Preparing for your Dermatologist Visit: Hair Loss Basics

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Early diagnosis of hair loss is crucial because certain types of hair loss in the category of cicatricial alopecia can result in irreversible damage. To make full use of each dermatology visit, patients can help by being equipped with a basic knowledge on hair loss and an understanding of the goals of your dermatologist during the visit.

Here is what you should expect: During the visit, your dermatologist will ask you about the duration and progression of hair loss, including location and extent of hair loss. After clinical history and visual inspection of your hair and scalp condition, dermatologists may use other tools such as dermoscopy and/or scalp biopsies to take a closer look. It is important to alert your physician to any other skin lesions you may have. For example, frontal fibrosing alopecia can be associated with another cutaneous disorder called lichen planus pigmentosus that most commonly presents as slate gray to brown-black macules that emerge in sun-exposed areas, often on neck and face[i]. 

There are two major categories of hair loss to be aware of: scarring (cicatricial) or non-scarring (non-cicatricial). Non-scarring hair loss is more common than scarring hair loss. What causes hair loss scarring? A lack of follicular ostia suggests a scarring alopecia, where hair follicles are destroyed and will most likely not grow back[ii]. 

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Female pattern hair loss, or androgenetic alopecia, is a common form of non-scarring hair loss in adult women. Patients with this type of hair loss will notice a thinning of hair due to a decrease in the normal terminal hair diameter in the frontal and vertex regions of the scalp. The hairs stay in the growth phase for a shorter period of time, becoming thinner and shorter intermediate or vellus hairs in the frontal and vertex regions of the scalp. Other types of hair loss include two other common forms of scarring hair loss: central centrifugal cicatricial alopecia and frontal fibrosing alopecia. Traction alopecia is a common form of hair loss seen on the frontal hairline and temples primarily in African American women.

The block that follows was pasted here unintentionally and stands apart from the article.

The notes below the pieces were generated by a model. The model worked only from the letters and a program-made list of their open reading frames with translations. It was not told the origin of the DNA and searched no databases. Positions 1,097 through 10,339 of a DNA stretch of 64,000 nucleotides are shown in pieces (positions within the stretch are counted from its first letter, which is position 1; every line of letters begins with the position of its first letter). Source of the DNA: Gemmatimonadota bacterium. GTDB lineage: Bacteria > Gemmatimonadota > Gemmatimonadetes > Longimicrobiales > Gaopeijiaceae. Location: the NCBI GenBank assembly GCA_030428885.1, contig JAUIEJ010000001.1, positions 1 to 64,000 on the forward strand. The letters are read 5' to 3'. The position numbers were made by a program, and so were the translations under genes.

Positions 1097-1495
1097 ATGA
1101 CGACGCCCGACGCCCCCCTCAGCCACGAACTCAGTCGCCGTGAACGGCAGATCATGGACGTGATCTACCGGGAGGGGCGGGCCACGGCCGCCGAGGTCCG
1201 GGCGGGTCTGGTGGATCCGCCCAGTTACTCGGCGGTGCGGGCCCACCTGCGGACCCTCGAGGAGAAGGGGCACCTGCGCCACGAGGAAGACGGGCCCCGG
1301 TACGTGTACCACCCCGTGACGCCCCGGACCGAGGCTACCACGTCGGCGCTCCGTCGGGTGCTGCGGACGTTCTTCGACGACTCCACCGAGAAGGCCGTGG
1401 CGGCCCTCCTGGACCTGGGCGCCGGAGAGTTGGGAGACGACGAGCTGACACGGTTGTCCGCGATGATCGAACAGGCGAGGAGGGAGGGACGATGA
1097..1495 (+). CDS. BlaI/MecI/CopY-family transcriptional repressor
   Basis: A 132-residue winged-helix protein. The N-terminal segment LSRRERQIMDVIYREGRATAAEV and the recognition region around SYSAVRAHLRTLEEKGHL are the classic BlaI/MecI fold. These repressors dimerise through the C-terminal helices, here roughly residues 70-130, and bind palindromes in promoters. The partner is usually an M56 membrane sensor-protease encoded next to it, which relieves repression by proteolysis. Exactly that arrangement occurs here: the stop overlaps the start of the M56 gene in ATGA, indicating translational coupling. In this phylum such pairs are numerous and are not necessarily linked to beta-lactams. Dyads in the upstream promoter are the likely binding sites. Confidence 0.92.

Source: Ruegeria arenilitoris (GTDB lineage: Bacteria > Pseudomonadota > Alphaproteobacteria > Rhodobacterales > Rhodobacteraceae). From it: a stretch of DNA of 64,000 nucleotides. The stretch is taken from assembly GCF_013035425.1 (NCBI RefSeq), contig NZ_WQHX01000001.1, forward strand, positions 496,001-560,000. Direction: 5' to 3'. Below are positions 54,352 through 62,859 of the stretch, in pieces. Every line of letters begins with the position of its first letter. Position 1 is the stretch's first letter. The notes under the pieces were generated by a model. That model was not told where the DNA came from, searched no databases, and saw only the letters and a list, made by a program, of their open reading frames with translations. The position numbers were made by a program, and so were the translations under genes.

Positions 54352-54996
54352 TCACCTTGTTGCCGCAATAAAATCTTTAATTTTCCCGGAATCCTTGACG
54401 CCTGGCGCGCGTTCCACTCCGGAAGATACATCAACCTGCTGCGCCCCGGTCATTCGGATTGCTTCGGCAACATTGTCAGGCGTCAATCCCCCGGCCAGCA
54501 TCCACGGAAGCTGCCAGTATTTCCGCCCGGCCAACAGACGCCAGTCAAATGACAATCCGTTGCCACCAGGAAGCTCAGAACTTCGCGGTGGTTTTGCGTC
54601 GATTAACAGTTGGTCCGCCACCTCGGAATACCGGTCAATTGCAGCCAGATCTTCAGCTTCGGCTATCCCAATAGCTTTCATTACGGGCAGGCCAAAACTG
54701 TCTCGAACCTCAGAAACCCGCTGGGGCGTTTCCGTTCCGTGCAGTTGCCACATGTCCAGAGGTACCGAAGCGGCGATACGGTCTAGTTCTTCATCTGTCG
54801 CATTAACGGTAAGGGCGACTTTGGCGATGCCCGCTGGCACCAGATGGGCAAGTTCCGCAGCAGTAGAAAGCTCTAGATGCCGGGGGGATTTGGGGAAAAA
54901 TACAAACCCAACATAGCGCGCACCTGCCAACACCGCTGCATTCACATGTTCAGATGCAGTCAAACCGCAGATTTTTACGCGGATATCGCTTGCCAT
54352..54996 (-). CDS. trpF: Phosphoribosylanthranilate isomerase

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After making a diagnosis, your dermatologist will work with you to find the best treatment. For example, patients with mild symptoms due to female pattern hair loss (androgenetic alopecia) are usually first treated with minoxidil 5%. An important point you must remember is that your hairs are growing at various phases in an asynchronous pattern. Therefore, be diligent to apply minoxidil consistently over at least four to six months, sometimes at least one year, before expecting any improvement. Show your dermatologist how you apply the minoxidil to ensure a correct application technique. Amy J. McMichael, MD, chair and professor of Department of Dermatology at Wake Forest Baptist Medical Center, teaches her patients a "5 lines, 90 seconds" rule, where patients apply the foam in five streaks on the scalp, the process lasting no longer than 90 seconds. Recent reports have also shown that low-level laser light therapies, or photomodulations, have improved hair loss[iii],[iv]. In female patients with moderate hair loss due to androgenic alopecia treatments include finasteride, spironolactone, flutamide, and more recently, oral minoxidil can be prescribed. Hypertrichosis, an excessive hair growth above normal, can be a side effect in some patients using oral or topical minoxidil. Lastly, patients with severe hair loss may try hair restoration surgery, platelet rich plasma or wigs. Trials for platelet-rich plasma[v] and prostaglandin-2 inhibitors[vi] are underway for treatment of androgenetic alopecia and alopecia areata (patchy balding). While consistent use of treatment is key, it is just as imperative to avoid physical damage from chemical relaxants and heat, which can cause hair fragility and hair loss. No matter the severity of your hair loss, you can do your part by being gentle with your hair!

[i] Rao R, Sarda A, Khanna R, Balachandran C. Coexistence of frontal fibrosing alopecia with lichen planus pigmentosus. Int J Dermatol. 2014;53(5):622-624. doi:10.1111/j.1365-4632.2012.05630.x.

[ii] Bergfeld WF. Alopecia: histologic changes. Adv Dermatol. 1989;4:301-320.

[iii] Perper M, Aldahan AS, Fayne RA, Emerson CP, Nouri K. Efficacy of fractional lasers in treating alopecia: a literature review. Lasers Med Sci. 2017;32(8):1919-1925. doi:10.1007/s10103-017-2306-7.

[iv] McMichael AJ. Excimer laser: a module of the alopecia areata common protocol. J Investig dermatology Symp Proc. 2013;16(1):S77-9. doi:10.1038/jidsymp.2013.31.

[v] Ferrando J, García-García SC, González-de-Cossío AC, Bou L, Navarra E. A Proposal of an Effective Platelet-rich Plasma Protocol for the Treatment of Androgenetic Alopecia. Int J Trichology. 9(4):165-170. doi:10.4103/ijt.ijt_27_17. 

[vi] Keaney T. Emerging Therapies for Androgenetic Alopecia. J Drugs Dermatol.2015;14(9):1036-1040. http://www.ncbi.nlm.nih.gov/pubmed/26355625. Accessed December 4, 2017.

Published on 02/07/2018 | Last updated on 03/08/2018